Tag Archives: Boris Johnson

Guardian: “Catalonia’s separatists were jailed for sedition, but brought down by hubris” — Giles Tremlett

10 Nov

It could have been very different. But the 2017 declaration of independence threw away the campaign’s moral advantage.

Giles_Tremlett,_LGiles Tremlett

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‘Those now in jail will be hailed as martyrs to their cause and become an inspiration for future generations of separatists.’ Pro-independence protesters hold Catalan flags in Barcelona. Photograph: Pau Barrena/AFP via Getty Images

[My emphases throughout]

Some things are impossible. Catalan independence is currently one of them. The stiff jail sentences handed down to the leaders of the separatist campaign that peaked in 2017 with a banned referendum, police violence and a fudged declaration of independence make that clearer than ever.

There are huge practical obstacles to independence, starting with the many hurdles written into Spain’s constitution. Overcoming these requires massive support in Catalonia itself; but the separatist leaders who orchestrated a head-on collision with the law never had anything like that. The jail sentences are for sedition, but their real problem is hubris.

That was already obvious on the streets of Barcelona and elsewhere when a unilateral proclamation of independence in the Catalan parliament on 27 October 2017 changed exactly nothing. It was, indeed, the day that an otherwise peaceful and often remarkable separatist campaign derailed itself.

A decision by the separatist Catalan president, Carles Puigdemont, to flee the country only served to underline that. Now living in Belgium, he was not among those sentenced on Monday, though an international arrest warrant has now been issued. The independence campaign embraced the tactics of civil disobedience, where people who deliberately flout the law know they may go to jail. This is often a key part of the process, since it provokes the outrage that brings change. The nine men and women sentenced to between nine and 13 years of prison have stuck honourably to that tradition. Puigdemont clearly has not.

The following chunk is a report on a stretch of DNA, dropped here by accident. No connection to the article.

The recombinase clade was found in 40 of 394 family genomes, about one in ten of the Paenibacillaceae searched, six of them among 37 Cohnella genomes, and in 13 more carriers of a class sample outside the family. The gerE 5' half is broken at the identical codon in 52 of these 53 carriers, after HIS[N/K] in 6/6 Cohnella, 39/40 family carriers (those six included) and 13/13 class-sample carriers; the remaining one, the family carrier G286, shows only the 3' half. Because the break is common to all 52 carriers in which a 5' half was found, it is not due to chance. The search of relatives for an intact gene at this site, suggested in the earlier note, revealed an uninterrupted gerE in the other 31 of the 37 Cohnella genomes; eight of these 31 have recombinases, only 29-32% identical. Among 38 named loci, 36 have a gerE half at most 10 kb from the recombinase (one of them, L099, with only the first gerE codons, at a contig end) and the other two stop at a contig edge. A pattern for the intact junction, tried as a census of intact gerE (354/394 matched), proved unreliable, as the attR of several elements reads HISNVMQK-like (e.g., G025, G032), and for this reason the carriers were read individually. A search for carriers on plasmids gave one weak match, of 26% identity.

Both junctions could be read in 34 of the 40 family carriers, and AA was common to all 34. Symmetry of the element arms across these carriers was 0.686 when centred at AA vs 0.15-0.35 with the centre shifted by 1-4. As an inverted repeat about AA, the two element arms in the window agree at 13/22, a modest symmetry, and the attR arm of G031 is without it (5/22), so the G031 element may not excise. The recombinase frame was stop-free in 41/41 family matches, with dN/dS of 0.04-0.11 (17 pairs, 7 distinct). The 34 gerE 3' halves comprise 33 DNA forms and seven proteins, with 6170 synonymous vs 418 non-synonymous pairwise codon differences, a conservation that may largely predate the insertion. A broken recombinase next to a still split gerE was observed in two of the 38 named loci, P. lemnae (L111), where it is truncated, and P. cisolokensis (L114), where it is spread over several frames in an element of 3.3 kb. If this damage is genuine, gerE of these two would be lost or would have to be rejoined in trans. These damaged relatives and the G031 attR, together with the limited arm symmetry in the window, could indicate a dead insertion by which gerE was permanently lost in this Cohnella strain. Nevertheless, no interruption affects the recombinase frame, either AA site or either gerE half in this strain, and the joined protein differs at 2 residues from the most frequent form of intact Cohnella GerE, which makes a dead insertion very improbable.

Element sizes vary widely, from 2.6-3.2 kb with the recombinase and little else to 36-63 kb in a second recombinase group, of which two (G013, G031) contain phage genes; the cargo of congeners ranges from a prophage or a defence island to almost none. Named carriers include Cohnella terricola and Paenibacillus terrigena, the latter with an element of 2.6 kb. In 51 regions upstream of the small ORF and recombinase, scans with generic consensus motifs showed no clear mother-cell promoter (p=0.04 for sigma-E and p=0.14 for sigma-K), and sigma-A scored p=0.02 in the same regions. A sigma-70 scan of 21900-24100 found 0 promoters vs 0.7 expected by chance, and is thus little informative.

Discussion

Those now in jail will be hailed as martyrs to their cause and become an inspiration for future generations of separatists. In court, they were unrepentant. “I would do it all again,” said Jordi Cuixart [ok…], who received a nine-year sentence. As protesters reacted to the sentences by blockading Barcelona’s airport, it was not clear whether calls to avoid violence would be respected. After the events of 2017, the police response will be watched closely.

Yet the fury felt today by Catalan separatists is not shared in the rest of Spain, nor, more crucially, does it extend very far in the rest of Europe – where they had hoped to provoke a sudden flowering of sympathy. Their campaign, in other words, has failed. The only visible result is a divided Catalan society where explicit support for independence remains below 50%.

It could all have ended very differently. Separatists do best when, like the Brexiters who they sometimes resemble, they can claim to be victims of the status quo. In that sense, the police charges during the banned referendum of 1 October 2017 were a gift. The sight of helmeted, baton-wielding officers beating up peaceful voters played directly into their hands. The Spanish state looked, and behaved, like an ogre.

Separatism could have built on that. Instead, it threw its moral advantage away with the independence declaration.